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New Privacy Law in 2020

Posted by James W. Creenan | Dec 07, 2020 | 0 Comments

Data privacy laws requiring businesses to take steps to safeguard customers' and employees' personal information and to notify them if a breach occurs have been on the books for years. Recently, however, a new California privacy law—the California Consumer Privacy Act (CCPA)—was enacted guaranteeing consumers (but not employees--at least for now) the right to know what personal information is being collected and requiring businesses to respond to consumer demands for records showing all the personal information a business has collected about them and any third parties with which it has shared or sold their data, as well as requests to have their data erased and to opt-out of the sale of their personal information.

The new law becomes effective on January 1, 2020, and enforcement begins on July 1, 2020. Other states, including Hawaii, Maryland, Massachusetts, Mississippi, New Mexico, and Rhode Island, are following California's lead and considering similar legislation. Because the California law will affect many small businesses, including some located in other states, and because it is likely that other states will adopt similar laws, it is important for small business owners to be aware of the new law and its potential impact on them.

Which Businesses Must Comply?

The CCPA applies to businesses that fall into at least one of the following categories: (1) those that earn $25 million or more in annual revenue; (2) those that buy, receive, or sell the personal data of at least 50,000 consumers or households; or (3) those that obtain at least half of their revenue selling the personal data of California residents. Any business, including those located outside of the state of California, will be subject to the law, as long as it meets one of the three conditions mentioned above. It has been estimated that more than 500,000 U.S. businesses, including many small businesses, will be impacted. The law does not apply when a business's commercial conduct “takes place wholly outside of California,” i.e., (1) the business collected information while the consumer was outside of California; (2) no part of a sale of the consumer's personal information occurred in California; or (3) there was no sale of the personal information collected while the consumer was in California.

What Are Businesses Required to Do?

The CCPA requires businesses, in response to a demand by a consumer, to make certain disclosures, which must be reasonably accessible to consumers and updated at least every 12 months.

Although the CCPA includes many specific requirements, in general, businesses that collect consumer data must:

  • Inform consumers about the categories of personal information they will collect;
  • Inform consumers about the purposes for which these categories of personal information will be used;
  • Provide notice if any new categories of personal information will be collected after the initial disclosure; and
  • Inform consumers of their right to request the deletion of personal information and the limitations to that right.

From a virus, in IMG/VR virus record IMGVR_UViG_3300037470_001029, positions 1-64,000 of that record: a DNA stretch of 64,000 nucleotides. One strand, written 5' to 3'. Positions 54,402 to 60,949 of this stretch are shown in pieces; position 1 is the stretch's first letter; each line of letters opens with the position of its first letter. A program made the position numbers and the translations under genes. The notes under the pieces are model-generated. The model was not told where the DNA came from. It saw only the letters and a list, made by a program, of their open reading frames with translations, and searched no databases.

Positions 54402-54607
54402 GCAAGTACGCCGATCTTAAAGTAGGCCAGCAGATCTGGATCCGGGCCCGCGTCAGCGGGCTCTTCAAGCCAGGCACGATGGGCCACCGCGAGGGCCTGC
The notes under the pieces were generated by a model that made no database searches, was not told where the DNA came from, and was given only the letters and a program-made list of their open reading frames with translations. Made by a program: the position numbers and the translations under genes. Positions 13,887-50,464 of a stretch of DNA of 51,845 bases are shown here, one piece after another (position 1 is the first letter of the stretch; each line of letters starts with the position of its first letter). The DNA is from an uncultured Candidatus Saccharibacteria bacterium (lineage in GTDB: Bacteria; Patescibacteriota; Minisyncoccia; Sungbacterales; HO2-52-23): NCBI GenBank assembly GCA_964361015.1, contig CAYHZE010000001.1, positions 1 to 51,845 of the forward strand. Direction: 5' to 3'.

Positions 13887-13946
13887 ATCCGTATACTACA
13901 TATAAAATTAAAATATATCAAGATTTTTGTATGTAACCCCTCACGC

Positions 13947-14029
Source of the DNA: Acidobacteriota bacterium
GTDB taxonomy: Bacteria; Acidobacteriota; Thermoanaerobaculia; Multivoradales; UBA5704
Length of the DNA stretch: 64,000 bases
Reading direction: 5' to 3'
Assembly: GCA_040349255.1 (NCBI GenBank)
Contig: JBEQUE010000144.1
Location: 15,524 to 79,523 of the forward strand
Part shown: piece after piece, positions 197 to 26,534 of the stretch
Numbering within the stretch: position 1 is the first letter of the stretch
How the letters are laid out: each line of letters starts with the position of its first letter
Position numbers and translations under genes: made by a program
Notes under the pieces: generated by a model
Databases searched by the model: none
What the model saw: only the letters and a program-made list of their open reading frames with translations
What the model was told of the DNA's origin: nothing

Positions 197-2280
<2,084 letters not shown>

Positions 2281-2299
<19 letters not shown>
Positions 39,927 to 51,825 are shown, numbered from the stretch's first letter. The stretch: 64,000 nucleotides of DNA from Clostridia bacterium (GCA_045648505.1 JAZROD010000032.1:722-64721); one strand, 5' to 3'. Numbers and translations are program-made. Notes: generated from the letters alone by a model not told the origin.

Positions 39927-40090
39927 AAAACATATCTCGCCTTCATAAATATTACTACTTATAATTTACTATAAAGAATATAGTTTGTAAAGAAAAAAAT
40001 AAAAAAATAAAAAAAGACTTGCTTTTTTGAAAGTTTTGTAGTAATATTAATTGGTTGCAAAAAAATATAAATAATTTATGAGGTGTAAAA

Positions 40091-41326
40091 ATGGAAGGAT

Businesses that sell consumer data or disclose it for a business purpose must comply with the requirements listed above and provide the following information:

  • A list of the categories of personal information they have sold over the preceding 12 months;
  • A list of the categories of personal information they have disclosed over the preceding 12 months;
  • A statement disclosing that consumer information may be sold; and
  • A disclosure of consumers' right to opt-out of the sale of their personal information.

Businesses must also provide a clear, conspicuous, and easily accessible link on their homepages and privacy policies enabling consumers to opt-out of the sale of their personal information. In addition, the CCPA requires businesses to disclose to consumers their right not to be discriminated against as a result of opting out. For children, there must be an express opt-in for their personal data to be sold. Upon a request by a consumer to delete the consumer's personal information, the business must delete the information from its records and direct any service providers to delete the consumer's personal information from their records as well.

Businesses must provide at least two ways for consumers to make requests for information, including, at least, a toll-free number, and if the business has a website, a web address. The business must deliver the information requested within 45 days at no charge to the consumer.

What Happens If My Business Violates the CCPA?

If regulators notify a business of a violation, it has 30 days to comply with the law before any penalty will be imposed. If the business does not resolve the issue within the 30-day deadline, the state of California can impose a hefty fine of up to $7500 per record. In addition, individuals affected by a violation of the CCPA can sue the business individually or as part of a class action for damages.

Give Us a Call

If you need help determining whether the CCPA or a similar law will impact your business and what your business needs to do to comply with the law, we can help. Please call our office to set up a consultation so we can discuss this law or any of your business's other data privacy and protection obligations.

About the Author

James W. Creenan



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